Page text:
EU boost to Turkey's European ambitions
6 October 2004, BRUSSELS - The European Commission on Wednesday said Turkey should be allowed to begin formally negotiating to join the European Union, providing it respects tough conditions.
6 October 2004
BRUSSELS - The European Commission on Wednesday said Turkey should be allowed to begin formally negotiating to join the European Union, providing it respects tough conditions.
The 'qualified yes' to opening so-called 'accession talks' was set out in a long-awaited strategy report presented to the European Parliament in Brussels.
But the report by the EU executive was only a recommendation and must be given a final seal of approval by European leaders at a summit on 17 December.
If EU leaders give the go-ahead, they will also decide on the date to start talks.
In a speech to the European Parliament, EU Enlargement Commissioner Guenter Verheugen stressed the opening of negotiations would not mean an automatic yes for Turkey's membership bid.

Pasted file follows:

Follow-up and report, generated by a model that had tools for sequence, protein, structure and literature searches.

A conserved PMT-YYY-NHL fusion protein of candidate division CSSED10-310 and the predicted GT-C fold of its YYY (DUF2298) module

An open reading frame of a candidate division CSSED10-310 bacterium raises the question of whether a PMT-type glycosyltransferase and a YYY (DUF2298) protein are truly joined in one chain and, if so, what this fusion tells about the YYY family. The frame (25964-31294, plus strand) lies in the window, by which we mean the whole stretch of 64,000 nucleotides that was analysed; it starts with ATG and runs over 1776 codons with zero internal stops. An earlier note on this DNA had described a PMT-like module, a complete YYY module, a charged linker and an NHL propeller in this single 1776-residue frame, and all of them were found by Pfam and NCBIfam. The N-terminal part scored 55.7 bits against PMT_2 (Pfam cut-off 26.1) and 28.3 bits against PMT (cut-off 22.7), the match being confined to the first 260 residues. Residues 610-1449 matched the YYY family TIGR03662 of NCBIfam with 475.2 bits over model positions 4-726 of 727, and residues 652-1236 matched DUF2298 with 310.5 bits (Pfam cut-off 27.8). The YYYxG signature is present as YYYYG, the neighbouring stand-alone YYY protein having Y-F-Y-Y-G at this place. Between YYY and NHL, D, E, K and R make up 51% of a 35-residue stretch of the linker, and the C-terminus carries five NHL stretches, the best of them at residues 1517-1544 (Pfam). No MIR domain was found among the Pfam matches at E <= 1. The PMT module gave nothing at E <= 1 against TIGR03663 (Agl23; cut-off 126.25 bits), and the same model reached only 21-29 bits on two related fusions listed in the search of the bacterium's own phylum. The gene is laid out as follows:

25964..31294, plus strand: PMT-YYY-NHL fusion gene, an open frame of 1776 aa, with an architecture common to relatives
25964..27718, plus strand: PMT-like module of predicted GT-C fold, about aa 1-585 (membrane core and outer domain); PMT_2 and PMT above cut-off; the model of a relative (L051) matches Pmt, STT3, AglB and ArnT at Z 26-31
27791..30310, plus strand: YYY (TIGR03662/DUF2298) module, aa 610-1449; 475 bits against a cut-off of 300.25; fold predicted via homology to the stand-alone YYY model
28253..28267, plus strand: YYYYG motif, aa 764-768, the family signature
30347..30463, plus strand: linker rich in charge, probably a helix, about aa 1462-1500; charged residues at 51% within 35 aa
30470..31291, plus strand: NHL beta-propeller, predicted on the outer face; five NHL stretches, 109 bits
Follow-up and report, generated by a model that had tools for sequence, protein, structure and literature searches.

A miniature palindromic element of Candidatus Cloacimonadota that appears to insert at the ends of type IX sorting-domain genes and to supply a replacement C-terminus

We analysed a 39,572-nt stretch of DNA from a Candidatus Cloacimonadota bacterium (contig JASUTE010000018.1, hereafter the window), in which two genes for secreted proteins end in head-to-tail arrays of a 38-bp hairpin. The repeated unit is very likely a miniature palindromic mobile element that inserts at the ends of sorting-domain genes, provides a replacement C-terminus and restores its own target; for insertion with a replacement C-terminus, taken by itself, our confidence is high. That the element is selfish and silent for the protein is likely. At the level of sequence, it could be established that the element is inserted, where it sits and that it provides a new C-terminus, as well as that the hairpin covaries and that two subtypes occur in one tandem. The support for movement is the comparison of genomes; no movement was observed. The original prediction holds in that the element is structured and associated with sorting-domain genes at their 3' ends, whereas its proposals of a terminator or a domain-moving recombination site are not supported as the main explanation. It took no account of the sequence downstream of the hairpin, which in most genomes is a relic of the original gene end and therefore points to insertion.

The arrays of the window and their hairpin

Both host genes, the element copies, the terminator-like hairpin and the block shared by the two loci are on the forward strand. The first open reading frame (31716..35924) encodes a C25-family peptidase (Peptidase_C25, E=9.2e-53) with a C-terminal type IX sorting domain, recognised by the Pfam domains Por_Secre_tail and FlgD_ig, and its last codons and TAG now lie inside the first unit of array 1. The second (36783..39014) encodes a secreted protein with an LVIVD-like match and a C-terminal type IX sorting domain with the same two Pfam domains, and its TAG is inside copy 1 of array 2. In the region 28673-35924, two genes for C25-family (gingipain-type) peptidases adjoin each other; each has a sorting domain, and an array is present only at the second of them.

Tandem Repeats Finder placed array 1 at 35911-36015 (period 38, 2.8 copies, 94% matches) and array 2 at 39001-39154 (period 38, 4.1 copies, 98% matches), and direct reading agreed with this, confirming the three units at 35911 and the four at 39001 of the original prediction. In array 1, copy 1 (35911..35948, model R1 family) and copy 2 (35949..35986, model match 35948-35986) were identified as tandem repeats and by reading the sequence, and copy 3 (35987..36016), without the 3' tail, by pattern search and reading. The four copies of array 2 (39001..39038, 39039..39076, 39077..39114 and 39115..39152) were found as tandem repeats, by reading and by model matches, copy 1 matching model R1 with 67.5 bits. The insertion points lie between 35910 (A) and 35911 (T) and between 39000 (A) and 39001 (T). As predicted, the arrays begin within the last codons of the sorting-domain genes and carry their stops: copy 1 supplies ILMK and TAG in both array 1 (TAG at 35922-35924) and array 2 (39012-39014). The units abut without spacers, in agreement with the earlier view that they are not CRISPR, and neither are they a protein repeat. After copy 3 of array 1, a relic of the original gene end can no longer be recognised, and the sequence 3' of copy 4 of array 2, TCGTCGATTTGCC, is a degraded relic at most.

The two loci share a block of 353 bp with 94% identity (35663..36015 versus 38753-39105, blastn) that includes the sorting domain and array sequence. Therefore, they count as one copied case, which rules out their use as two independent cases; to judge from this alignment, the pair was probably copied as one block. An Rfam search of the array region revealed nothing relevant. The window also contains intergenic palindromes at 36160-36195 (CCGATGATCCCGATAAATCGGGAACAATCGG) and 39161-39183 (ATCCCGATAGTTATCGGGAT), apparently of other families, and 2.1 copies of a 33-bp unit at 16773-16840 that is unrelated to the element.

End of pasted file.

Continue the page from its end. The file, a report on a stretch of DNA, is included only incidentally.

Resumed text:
Turkey could only expect to join the EU after at least a decade of further reforms, including improvements in its human rights record, he said.
The prospect of a large and poor mainly Muslim country of 70 million people entering the EU has sparked heated debate across Europe.
German public opinion in particular is against the idea of granting Turkey full membership rights.
The leader of the biggest political group in the European Parliament, the centre right European Peoples Party, said he was against Turkey's membership bid.
German parliamentarian Hans-Gert Poettering argued that a "strategic partnership" between Ankara and the EU would be a better alternative to Union membership.
But this was rejected by a majority of Liberal, Socialist and Green MEPs, who believe the talks should be started but kept open-ended.
The Turkish government has already pushed through a series of punishing legal, economic and political reforms, as well as passing new laws to protect human rights.
In a speech in Strasbourg on Tuesday, Turkish Prime Minister Recep Tayyip Erdogan said Turkey had "done its task".
"Now the EU must do its task. They're the ones being tested now. If we don't want a clash of civilisations, but to succeed at reconciliation, Turkey must take its place in the EU," he said.
[Copyright Expatica 2004]
Subject: Belgian news